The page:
Despite the big loss, I have a few hands that I'm very proud of. I had KQ in late position and made it $8 to call. Three players in the in position over me. The flop came 8T. The early position player checked and I bet out $10. The late position player folded and the early position player called. As he called, he said "you're going to make me pay to draw, huh?". The turn brought a K giving me top pair. The early position player bet out $30! I thought for a second making sure I didn't show weakness. After 30 seconds or so, I cold called his $30. Before anyone could even see the river card, the early position player declared "all-in". I had $49 in front of me. The river brought a 2. After going through my head the possible hands that he could've held, I decided to call. He turned over 69. He was on a gutshot draw and tried to steal the pot. There were two reasons why I called his bluff:

1) He declared "you're going to make me pay to draw, huh?". Some players may think that this is a reverse weak is strong, strong is weak play, but in my opinion, it is what it is. If a player has a Ten, very seldomly will you hear them say something like this. Not only that, but he bet out pretty fast on the turn.
2) Calling "all-in" before the river card is dealt is almost always a dead giveaway that your hand is not exactly what it seems (bluff). If he was holding a Ten, he would've waited to see if the river card was a Ace, Nine, or King before betting. Because any one of those cards would possibly complete the opponent's straight or full boat.

Based on these two "tells", I put him at a King and low card at BEST. No chance that he had a Ten.

Even though I dropped a lot of loot last night, I think I played a pretty strong game. Like I said, I was experimenting. I learned a lot. I'm not worried about the money cause I'll win it back.


Wednesday, May 11, 2005

meant to post this...

I meant to post this before my vacation, but I forgot.'s what Tom McEvoy wrote in his article in Card Player Magazine:

"It is particularly important in tournament play to recognize leaks in your game and correct them as completely and quickly as possible. The top pros understand that playing mistake-free poker is their ticket to the top."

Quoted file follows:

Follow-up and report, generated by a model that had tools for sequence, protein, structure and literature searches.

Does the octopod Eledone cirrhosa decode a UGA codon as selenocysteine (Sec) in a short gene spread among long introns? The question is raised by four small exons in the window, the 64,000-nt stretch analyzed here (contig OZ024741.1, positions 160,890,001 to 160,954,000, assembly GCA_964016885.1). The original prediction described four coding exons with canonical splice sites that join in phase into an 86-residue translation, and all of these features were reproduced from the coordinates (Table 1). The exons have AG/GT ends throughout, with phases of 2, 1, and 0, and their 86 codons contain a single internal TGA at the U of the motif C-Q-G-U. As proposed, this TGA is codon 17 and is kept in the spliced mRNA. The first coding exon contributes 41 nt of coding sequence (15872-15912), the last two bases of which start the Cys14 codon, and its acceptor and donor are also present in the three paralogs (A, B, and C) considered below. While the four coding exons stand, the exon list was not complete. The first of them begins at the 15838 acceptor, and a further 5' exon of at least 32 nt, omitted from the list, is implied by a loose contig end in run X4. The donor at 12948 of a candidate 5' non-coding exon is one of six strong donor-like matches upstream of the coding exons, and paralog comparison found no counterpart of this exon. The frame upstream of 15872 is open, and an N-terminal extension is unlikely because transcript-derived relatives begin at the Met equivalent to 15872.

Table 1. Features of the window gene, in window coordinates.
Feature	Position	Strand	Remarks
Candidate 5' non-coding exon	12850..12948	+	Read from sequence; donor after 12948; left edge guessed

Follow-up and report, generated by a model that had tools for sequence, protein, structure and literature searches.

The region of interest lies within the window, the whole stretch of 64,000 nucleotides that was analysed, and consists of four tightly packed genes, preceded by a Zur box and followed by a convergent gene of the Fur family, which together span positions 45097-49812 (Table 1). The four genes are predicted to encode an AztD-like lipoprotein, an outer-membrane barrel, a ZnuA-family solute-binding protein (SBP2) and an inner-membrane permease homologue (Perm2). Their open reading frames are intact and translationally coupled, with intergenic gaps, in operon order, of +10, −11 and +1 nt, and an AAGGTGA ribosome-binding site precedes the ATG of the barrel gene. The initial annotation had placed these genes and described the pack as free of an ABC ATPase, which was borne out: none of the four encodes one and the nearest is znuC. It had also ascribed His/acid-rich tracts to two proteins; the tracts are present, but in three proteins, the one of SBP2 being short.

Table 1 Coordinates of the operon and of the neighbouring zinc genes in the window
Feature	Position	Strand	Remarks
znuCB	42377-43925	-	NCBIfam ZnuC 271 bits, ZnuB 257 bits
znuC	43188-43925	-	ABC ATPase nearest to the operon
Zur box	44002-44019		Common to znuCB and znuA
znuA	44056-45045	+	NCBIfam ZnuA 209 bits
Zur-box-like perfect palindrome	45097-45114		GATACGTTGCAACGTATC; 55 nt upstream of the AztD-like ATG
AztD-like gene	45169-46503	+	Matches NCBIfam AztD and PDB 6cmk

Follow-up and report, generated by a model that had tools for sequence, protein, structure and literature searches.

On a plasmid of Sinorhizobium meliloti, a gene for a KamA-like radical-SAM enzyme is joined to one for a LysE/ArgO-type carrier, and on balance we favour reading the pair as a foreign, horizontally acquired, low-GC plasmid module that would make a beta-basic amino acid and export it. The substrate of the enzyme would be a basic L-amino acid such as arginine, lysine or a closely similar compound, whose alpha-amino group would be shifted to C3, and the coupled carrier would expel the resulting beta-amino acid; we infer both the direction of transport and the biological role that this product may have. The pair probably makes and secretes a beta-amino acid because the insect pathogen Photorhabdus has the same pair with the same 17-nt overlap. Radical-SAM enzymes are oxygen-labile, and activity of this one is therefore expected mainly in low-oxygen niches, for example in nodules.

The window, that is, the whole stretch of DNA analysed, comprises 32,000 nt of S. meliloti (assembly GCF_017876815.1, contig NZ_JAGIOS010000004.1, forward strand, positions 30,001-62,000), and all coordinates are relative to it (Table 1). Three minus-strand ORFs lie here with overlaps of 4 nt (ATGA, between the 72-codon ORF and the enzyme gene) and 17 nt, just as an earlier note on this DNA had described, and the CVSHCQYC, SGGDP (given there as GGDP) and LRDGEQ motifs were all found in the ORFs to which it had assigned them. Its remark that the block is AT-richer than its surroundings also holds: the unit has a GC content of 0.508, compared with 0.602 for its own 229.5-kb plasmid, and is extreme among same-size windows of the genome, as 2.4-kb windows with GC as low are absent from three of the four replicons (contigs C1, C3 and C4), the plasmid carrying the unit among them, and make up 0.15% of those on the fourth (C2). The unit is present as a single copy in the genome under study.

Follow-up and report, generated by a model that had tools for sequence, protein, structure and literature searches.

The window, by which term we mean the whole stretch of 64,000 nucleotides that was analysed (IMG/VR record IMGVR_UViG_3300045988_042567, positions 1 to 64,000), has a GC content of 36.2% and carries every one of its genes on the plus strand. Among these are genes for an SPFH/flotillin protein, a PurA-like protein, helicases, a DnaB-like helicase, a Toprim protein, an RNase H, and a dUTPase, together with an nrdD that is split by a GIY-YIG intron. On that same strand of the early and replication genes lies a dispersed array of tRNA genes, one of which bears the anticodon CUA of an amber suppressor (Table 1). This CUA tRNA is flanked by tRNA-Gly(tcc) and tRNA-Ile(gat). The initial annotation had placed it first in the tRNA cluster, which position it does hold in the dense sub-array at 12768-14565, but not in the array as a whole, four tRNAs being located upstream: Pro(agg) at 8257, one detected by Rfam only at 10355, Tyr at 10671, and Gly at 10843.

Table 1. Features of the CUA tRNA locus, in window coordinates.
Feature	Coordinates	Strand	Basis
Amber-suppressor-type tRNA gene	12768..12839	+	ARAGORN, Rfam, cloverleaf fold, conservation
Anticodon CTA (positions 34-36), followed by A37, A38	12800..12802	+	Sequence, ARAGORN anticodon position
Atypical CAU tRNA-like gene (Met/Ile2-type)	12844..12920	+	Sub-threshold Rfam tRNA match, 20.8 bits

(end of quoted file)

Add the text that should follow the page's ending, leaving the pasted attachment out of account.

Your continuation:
I posted something to this effect a few blogs ago. It's nice to know that I'm starting to think like the pros. Everybody has "leaks" in their game, but believe it or not, most players continue playing without ever trying to fix these "leaks". In order to become a better player, I think that it's most important to recognize these leaks, then eventually fix them. Without ever doing so, your skill level will only remain stagnant.


Tuesday, May 10, 2005

More about the Poker Cruise...

Well, I guess I should elaborate on this "poker cruise" that sent us on. They decided to award one of their top affiliates with a free cruise because they were sponsoring part of it. The cruise was actually a normal cruise ship with non-poker players, but about 200-300 of the cruisers were brought onto the ship by Classic Gaming. Classic Gaming is sort of like an affiliate of Norwegian Cruise lines, they bring people onto the ship and they get a small commission for bringing those people. From what I heard, they get about $1000/head...not bad huh? Anyways, since we were one of the first and best affiliates for, they decided to reward us with the cruise. Just to let you know, this was before the "Bodog 100% match up to $100 bonus" special that we were running at the beginning of the month that turned into a debacle. I'm not going to get into it anymore because I think that most of the customers who did the deal are happy with how we dealt with the situation. There's only a few who are still bitter with how we handled it. I can live with that.